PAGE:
How to Set Yourself Up for Continuing Content Orders

    Writing for clients, whether you’re a freelancer or professional marketer, requires a level of dedication and attention to detail that many other types of work don’t need. It also takes a degree of professionalism, if you’re to be successful and generate enough repeat orders to make it worth your while. What exactly is the “secret sauce” that enables you to improve your customer’s experience, leave clients wanting more, and deliver ongoing content orders that keep you in business? We believe it’s a combination of several factors:

    Easy Contact and Order Process

    Clients love a writer who is easy to get hold of. It’s even better if they can place their content orders online or use a methodology that doesn’t require tracking you down and having a personal conversation. You’re likely to get more assignments this way than someone whose only form of communication is a telephone.

    Make it happen: Create an automated process for clients to request work. It doesn’t need to be a fancy e-commerce system; a list of standard questions or a form on your website that can be emailed to you could help clients submit their request along with all the supporting information.


    The immediacy of the Internet has made fast action essential to avoid missing the boat. That translates into clients wanting content within a couple of days at the most, not having to wait months for you to deliver.

    Make it happen: Determine a reasonable turnaround time for each assignment, and allow for an extra 24-hour contingency period. Ensure that you always have some spare capacity in the week, if not every day. That way, if a loyal client comes in with an unexpected order, you won’t have to turn them away and risk losing them to the writer or company that can help them in a jam.

    High Quality Work

    Naturally, the quality of your content carries the highest priority when it comes to retaining clients, but it’s not only about how you write. Quality also depends on accuracy of your facts and careful editing of your work, as well as a professional layout and attractive appearance. And there are few things worse than submitting a piece of writing that doesn’t follow the subject matter requested by the client.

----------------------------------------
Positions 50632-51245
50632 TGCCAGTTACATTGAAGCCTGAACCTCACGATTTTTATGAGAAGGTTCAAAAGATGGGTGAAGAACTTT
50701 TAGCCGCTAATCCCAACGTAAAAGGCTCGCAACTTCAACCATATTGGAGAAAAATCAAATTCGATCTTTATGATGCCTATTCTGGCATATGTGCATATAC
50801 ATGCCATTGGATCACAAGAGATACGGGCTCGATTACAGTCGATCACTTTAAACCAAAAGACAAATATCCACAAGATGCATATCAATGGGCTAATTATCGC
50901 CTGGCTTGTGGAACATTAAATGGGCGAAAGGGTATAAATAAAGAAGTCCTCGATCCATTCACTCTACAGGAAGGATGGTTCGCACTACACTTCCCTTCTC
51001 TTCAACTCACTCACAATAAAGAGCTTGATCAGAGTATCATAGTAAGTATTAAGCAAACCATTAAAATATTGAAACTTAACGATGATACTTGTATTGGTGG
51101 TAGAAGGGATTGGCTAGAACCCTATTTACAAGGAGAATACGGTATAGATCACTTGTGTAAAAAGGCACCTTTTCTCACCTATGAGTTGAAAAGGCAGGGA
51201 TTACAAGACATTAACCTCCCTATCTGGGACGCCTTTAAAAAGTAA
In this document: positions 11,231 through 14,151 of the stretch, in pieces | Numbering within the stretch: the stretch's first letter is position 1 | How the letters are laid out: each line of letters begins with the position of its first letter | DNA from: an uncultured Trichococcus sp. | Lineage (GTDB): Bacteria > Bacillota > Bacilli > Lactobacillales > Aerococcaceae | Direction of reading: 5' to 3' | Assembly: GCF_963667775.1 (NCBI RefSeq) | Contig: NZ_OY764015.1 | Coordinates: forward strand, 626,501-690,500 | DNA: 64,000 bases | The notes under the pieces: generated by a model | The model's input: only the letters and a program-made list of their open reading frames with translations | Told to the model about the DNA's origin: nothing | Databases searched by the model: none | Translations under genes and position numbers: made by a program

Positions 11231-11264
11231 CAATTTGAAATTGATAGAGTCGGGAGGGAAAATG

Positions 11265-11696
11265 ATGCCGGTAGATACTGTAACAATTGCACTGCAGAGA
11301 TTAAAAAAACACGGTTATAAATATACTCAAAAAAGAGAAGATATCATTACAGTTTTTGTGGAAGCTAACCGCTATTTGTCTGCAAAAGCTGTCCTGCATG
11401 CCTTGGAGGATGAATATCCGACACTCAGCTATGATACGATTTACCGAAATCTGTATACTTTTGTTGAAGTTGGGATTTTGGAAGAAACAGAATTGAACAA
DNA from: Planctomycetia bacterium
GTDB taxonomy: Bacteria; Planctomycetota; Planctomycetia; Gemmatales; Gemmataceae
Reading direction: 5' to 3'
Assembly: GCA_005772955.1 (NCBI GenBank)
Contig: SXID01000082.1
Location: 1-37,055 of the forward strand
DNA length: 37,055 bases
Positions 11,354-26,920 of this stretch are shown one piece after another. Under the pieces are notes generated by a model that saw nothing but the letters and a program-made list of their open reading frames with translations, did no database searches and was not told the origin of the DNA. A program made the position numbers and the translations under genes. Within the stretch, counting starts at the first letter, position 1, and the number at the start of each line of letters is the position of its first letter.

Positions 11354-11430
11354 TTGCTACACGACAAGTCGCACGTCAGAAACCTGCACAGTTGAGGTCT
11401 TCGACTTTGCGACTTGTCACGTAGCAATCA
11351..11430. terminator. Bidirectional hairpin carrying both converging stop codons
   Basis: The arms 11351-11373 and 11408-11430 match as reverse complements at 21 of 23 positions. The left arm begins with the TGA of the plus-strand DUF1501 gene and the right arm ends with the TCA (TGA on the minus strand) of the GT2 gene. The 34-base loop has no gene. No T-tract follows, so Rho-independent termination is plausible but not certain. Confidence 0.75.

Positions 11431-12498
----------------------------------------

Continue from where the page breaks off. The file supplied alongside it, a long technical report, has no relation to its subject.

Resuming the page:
Make it happen: Proofread your work thoroughly and check that you have fulfilled the requested assignment fully. Even if you know the document is only for draft purposes and the copy will be published online manually, presenting it attractively and with suitable formatting can make a world of difference to the client’s opinion of you. Follow the client’s instructions carefully, questioning any that don’t seem to make sense.

    Appropriate Rates

    Few serious clients honestly want the cheapest work they can get. Most would rather pay a little more for quality work, and if you undervalue yourself and your product it’s possible the client will do so too.

    Make it happen: Research the going rates for the writing work you do, then compare these to the hourly rate you’d ideally like to earn. Consider the value to the client of the work you deliver, and choose a rate that aligns favorably with all three variables.

    Adherence to Deadlines

    Few breakdowns in business are as annoying and potentially damaging as not adhering to deadlines. Whether these are for the delivery of content for the website, products for sale or raw materials for manufacturing, the outcome is the same: delays cost money.

    Make it happen: Don’t agree to a deadline that you might not be able to keep. If you have any doubts whatsoever, rather request longer for delivery than running late. If you’re finished ahead of the deadline, great. In an emergency, most clients will be prepared to give you extra time if you don’t make a habit of asking for it.

    Going the Extra Mile

    As with everything in business, a writing career is more likely to be successful if you always look for opportunities to go the extra mile. Spend five minutes longer on the work to check your accuracy. Ask clarification questions if there are contradictory instructions. Add a link to a suitable suggested image so your client doesn’t have to search for one. Run your work through Copyscape and paste the results at the foot so the client knows you have checked for duplication. Cite your sources, whether it’s required or not. Focus on delivering your very best work every day, and you’ll never have to look for new clients or work.

    Topics: Writing Business

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